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Left to right: Micheline Sanderson; Gerald Tegha; Shivani Sud; Maganizo Chagomerana

Not pictured: John Chapola; Mako Mulongo

Lineberger Comprehensive Cancer Center (LCCC)/UNC Project Malawi Cancer Program Pilot Grant:

The UNC Project Malawi Cancer Program has awarded three grants as part of the Mentored Pilot Grant Program funded by the UNC Lineberger Comprehensive Cancer Center (LCCC). This award is intended to serve as a stimulus for new research initiatives aimed at obtaining sufficient preliminary data to allow new applications for funding.

John Chapola (UNC Project-Malawi):

Title: Women’s perceptions and attitudes towards mobile phone text messaging as a model of communication to receive HPV results and remind women to report for cervical cancer treatment in Malawi.

Description: Women presenting to voluntary family planning clinics with integrated HPV-based cervical cancer screen-and-treat programs are sometimes are unable to receive their HPV results by rapid GeneXpert testing the same day because the machine is not working, lab technician might not be available for timely running of samples or the women opt not to wait for their results. The qualitative study will evaluate if cervical cancer screening clients find it acceptable to have the provider’s text using mobile phone HPV results and follow-up instructions to women who cannot receive their HPV results same-day. The study also aims to understand whether key stakeholders, such as Cervical Cancer Screening Clinic Nurses, In-charges, District Coordinators, and Ministry of Health officials, would find such a program acceptable to roll out at their facilities or in the country. This study will be one of the first qualitative studies to provide this level of insight on practical utility of text messaging as an intervention in a cervical cancer screening project.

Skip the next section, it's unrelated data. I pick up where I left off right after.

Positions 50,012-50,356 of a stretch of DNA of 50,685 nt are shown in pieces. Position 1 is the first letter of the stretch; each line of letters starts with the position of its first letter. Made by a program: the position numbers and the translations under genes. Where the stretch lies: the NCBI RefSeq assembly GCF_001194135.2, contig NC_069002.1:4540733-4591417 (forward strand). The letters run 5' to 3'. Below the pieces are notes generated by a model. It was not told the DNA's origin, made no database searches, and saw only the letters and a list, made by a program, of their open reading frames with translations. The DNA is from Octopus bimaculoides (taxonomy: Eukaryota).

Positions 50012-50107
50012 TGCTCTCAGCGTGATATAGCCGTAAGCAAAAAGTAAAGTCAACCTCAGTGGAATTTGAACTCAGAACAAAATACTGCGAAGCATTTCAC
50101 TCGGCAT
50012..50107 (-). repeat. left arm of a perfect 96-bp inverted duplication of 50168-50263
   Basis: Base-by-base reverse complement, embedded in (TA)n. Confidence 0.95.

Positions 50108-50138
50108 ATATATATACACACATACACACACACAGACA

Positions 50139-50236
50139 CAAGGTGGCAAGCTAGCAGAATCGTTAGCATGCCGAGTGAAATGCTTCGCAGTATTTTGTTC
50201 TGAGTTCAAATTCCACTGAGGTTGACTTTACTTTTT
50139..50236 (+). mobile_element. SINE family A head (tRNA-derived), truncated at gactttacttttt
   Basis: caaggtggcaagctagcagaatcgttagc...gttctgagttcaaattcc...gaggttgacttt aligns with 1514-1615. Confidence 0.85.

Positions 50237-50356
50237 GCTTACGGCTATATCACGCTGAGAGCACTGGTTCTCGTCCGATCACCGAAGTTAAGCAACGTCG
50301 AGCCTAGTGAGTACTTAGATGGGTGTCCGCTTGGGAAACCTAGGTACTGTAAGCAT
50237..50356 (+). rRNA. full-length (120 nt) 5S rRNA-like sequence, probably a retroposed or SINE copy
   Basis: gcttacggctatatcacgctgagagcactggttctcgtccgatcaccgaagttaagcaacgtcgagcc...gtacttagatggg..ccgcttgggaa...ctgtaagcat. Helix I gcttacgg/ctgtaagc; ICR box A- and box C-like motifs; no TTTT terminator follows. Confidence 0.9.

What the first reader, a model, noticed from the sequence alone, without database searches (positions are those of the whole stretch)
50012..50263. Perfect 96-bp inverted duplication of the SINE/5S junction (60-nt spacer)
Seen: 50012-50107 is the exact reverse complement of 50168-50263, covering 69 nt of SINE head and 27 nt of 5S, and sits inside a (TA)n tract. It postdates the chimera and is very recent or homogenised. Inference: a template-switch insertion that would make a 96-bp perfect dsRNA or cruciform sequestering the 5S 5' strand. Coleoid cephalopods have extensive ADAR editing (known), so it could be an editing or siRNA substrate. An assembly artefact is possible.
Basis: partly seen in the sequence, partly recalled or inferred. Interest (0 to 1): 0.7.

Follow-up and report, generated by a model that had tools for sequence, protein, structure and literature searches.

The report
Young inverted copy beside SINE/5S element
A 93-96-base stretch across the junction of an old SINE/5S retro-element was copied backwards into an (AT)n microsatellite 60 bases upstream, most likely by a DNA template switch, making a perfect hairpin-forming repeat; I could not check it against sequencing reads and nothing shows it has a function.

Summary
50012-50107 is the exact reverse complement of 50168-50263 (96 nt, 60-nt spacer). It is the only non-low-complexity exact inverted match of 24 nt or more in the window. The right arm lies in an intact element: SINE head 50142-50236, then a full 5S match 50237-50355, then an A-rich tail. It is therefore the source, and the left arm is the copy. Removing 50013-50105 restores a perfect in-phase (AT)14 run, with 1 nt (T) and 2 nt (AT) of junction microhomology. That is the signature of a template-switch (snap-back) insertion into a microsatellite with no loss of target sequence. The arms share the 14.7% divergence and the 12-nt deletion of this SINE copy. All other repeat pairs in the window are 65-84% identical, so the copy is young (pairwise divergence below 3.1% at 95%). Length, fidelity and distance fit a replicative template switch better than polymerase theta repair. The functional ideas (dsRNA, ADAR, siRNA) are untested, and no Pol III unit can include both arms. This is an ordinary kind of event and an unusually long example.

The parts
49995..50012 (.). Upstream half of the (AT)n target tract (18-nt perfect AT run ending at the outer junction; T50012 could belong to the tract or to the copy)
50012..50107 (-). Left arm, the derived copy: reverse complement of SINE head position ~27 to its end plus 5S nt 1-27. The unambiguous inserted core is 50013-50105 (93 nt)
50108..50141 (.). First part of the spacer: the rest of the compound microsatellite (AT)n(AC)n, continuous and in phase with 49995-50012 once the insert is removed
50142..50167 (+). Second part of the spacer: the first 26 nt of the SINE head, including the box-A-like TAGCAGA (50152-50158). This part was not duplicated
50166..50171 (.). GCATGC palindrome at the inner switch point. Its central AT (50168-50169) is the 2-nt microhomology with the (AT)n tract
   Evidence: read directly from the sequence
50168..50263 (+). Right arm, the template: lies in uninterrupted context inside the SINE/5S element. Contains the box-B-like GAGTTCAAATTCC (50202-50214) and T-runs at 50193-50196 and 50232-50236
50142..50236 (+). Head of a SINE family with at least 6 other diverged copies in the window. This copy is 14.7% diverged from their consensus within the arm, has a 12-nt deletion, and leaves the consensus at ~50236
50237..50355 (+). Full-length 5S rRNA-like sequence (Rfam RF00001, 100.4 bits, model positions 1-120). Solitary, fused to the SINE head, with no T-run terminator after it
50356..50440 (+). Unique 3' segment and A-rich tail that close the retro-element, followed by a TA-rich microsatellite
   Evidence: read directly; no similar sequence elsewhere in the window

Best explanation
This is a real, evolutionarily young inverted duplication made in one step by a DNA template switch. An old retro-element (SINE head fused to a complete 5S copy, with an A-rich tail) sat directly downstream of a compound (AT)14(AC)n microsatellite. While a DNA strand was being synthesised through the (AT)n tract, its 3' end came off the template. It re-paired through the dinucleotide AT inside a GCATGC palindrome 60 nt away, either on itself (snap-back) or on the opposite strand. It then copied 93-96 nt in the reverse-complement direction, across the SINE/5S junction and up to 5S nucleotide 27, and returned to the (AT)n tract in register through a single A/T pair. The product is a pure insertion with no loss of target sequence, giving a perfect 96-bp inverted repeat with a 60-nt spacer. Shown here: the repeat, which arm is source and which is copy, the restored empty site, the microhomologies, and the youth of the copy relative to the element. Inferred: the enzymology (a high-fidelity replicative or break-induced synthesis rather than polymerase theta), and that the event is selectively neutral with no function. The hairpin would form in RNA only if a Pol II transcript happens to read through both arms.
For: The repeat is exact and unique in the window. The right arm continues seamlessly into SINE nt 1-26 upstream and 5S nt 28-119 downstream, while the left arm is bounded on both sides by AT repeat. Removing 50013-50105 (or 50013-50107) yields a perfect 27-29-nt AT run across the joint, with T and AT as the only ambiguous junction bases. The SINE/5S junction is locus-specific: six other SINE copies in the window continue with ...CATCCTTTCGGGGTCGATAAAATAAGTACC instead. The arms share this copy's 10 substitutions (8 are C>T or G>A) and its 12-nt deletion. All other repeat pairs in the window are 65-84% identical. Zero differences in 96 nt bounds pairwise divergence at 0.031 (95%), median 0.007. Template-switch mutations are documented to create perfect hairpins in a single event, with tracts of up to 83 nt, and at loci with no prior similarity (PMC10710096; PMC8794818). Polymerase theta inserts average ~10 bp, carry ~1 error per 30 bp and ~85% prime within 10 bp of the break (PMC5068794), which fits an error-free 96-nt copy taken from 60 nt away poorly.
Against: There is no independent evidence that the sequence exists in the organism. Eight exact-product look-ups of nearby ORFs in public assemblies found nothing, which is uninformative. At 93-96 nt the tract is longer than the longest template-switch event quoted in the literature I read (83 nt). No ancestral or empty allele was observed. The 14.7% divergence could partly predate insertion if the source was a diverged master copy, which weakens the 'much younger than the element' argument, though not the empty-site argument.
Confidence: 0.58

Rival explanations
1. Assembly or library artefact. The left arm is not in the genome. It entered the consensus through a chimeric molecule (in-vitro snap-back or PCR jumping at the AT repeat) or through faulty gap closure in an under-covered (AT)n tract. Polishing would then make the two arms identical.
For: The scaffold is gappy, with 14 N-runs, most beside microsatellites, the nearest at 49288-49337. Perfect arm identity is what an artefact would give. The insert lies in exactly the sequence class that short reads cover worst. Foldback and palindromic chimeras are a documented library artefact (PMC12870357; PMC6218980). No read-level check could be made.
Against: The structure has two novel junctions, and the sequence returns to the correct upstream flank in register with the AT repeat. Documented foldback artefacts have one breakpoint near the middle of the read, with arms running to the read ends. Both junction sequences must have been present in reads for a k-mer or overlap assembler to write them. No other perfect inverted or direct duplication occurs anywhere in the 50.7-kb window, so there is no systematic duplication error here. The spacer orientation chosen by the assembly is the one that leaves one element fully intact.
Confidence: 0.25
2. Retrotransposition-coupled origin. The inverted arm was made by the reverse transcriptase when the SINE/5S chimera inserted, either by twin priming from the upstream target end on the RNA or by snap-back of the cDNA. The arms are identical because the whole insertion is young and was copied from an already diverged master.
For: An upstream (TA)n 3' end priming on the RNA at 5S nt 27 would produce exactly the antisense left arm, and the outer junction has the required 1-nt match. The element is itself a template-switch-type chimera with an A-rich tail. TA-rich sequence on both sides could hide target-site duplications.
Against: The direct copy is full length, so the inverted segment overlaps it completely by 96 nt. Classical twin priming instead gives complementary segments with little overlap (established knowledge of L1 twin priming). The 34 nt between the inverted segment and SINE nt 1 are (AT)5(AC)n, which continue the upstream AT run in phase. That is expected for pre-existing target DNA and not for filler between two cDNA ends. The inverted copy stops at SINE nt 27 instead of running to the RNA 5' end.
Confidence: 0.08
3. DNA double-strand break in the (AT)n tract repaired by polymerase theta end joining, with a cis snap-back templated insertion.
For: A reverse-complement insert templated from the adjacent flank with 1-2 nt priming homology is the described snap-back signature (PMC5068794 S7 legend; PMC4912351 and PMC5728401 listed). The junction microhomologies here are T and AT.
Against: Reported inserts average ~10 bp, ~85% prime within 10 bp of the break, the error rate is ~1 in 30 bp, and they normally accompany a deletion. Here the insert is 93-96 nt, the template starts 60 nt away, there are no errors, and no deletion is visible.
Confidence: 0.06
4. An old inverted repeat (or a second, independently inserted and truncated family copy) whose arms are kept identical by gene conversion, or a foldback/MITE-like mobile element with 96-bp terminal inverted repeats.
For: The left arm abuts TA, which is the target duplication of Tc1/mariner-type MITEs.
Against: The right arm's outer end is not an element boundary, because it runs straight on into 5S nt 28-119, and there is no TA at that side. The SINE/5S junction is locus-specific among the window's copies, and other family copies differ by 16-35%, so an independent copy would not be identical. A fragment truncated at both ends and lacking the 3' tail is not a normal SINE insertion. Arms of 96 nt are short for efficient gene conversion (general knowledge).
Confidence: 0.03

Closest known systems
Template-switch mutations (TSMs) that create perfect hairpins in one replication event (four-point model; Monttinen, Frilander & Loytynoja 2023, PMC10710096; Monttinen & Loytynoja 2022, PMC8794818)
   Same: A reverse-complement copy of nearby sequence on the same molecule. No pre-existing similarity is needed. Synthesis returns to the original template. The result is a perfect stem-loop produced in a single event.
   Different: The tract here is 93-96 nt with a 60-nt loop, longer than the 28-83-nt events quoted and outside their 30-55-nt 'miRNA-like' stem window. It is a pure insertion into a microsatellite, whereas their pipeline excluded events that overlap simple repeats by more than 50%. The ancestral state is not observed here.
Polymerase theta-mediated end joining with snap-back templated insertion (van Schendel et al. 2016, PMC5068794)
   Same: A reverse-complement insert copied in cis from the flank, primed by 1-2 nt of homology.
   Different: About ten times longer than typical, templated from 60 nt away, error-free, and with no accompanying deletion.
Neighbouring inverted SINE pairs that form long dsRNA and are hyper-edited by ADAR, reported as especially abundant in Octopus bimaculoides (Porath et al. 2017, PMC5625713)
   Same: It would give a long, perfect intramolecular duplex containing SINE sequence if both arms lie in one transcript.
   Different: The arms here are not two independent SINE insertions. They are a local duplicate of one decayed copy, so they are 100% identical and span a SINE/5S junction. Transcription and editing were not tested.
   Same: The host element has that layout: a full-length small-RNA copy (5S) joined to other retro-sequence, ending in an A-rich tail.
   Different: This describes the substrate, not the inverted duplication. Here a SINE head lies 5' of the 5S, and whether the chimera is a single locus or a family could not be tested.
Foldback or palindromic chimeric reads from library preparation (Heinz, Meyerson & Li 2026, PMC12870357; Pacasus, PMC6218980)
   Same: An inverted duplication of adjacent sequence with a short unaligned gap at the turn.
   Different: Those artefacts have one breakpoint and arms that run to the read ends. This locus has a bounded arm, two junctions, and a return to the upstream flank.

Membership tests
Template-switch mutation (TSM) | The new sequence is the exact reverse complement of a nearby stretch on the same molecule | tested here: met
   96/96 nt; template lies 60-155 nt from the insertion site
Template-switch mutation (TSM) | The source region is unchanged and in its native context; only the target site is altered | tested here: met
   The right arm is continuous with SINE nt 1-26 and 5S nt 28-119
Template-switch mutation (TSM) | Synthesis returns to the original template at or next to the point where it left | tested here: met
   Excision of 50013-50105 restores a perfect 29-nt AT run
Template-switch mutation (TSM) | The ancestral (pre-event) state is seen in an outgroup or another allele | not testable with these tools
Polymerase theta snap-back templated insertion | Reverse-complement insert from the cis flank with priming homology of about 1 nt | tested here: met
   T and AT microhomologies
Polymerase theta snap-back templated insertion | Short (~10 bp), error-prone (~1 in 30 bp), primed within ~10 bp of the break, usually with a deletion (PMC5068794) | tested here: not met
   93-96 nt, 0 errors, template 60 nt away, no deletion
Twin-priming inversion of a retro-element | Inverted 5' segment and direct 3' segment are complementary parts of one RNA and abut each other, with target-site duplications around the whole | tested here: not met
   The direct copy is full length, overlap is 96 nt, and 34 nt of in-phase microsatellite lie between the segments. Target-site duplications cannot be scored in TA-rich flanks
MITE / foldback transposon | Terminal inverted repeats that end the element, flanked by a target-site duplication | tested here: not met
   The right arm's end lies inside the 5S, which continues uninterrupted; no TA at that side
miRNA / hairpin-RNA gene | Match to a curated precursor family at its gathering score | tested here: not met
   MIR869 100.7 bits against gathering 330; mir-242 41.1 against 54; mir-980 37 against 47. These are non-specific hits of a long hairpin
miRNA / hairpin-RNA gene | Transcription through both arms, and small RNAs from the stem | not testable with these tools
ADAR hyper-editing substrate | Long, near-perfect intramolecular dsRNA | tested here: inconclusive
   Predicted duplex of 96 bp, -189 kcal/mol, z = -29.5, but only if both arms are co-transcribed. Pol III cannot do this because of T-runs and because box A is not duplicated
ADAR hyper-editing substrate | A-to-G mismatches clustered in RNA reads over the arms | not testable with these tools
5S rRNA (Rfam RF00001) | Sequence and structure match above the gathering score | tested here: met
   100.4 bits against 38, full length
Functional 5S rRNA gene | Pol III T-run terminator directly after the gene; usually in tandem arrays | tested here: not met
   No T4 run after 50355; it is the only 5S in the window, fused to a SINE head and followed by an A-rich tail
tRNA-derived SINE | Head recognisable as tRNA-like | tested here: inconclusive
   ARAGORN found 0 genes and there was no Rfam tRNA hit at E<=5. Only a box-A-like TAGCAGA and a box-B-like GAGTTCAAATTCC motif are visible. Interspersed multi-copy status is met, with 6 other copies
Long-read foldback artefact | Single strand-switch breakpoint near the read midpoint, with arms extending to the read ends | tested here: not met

Shivani Sud (UNC Radiation Oncology):

Title: Plasma circulating tumor HPVDNA and trans renal HPVDNA as minimally invasive biomarkers for cervical cancer detection and surveillance following definitive treatment.

Description: Use of non-invasive biomarkers for secondary prevention and post-treatment surveillance with the goal of providing definitive management of early stage cervical cancer is a promising approach to improve outcomes and guide personalized treatment decisions, especially in under-resourced settings. This study proposes a novel application of our digital PCR assay validated as sensitive (89%) and specific (98%) for ctHPVDNA detection in oropharyngeal cancer patients to early detection and surveillance of cervical cancer. The study aims to characterize the correlation between ctHPVDNA, TrHPVDNA levels and presence of cervical cancer at diagnosis and following definitive intent management. In collaboration with UNC Gynecology Oncology (Main campus and Malawi), the study will accrue one cohort of 30 patients with new diagnosis of cervical cancer. The study hypothesizes that approximately 80% of patients with newly diagnosed cervical cancer will have detectable ctHPVDNA and TrHPVDNA.

UNC-Malawi-South Africa Cancer Consortium (UMSACC) Pilot Grant:

The UNC-Malawi-South Africa Cancer Consortium (UMSACC) is supported by a five-year, $6-million program project grant (U54) from the NIH’s National Cancer Institute. The consortium is led by a team of UNC researchers partnering with colleagues at three institutions in Africa to study HIV-associated malignancies. The project focuses on screening and diagnosing innovations for three cancers common to people with HIV: Kaposi sarcoma, cervical cancer, and lymphoma. A consortium aims to develop international leaders in HIV- associated cancer research and thus a high priority of the consortium is the training and support of junior investigators in the U.S. and Africa.

Gerald Tegha (UNC Project-Malawi)

Title: Prevalence and molecular characterization of antibiotic resistant bacteria isolated from patients with neutropenic fever in Lilongwe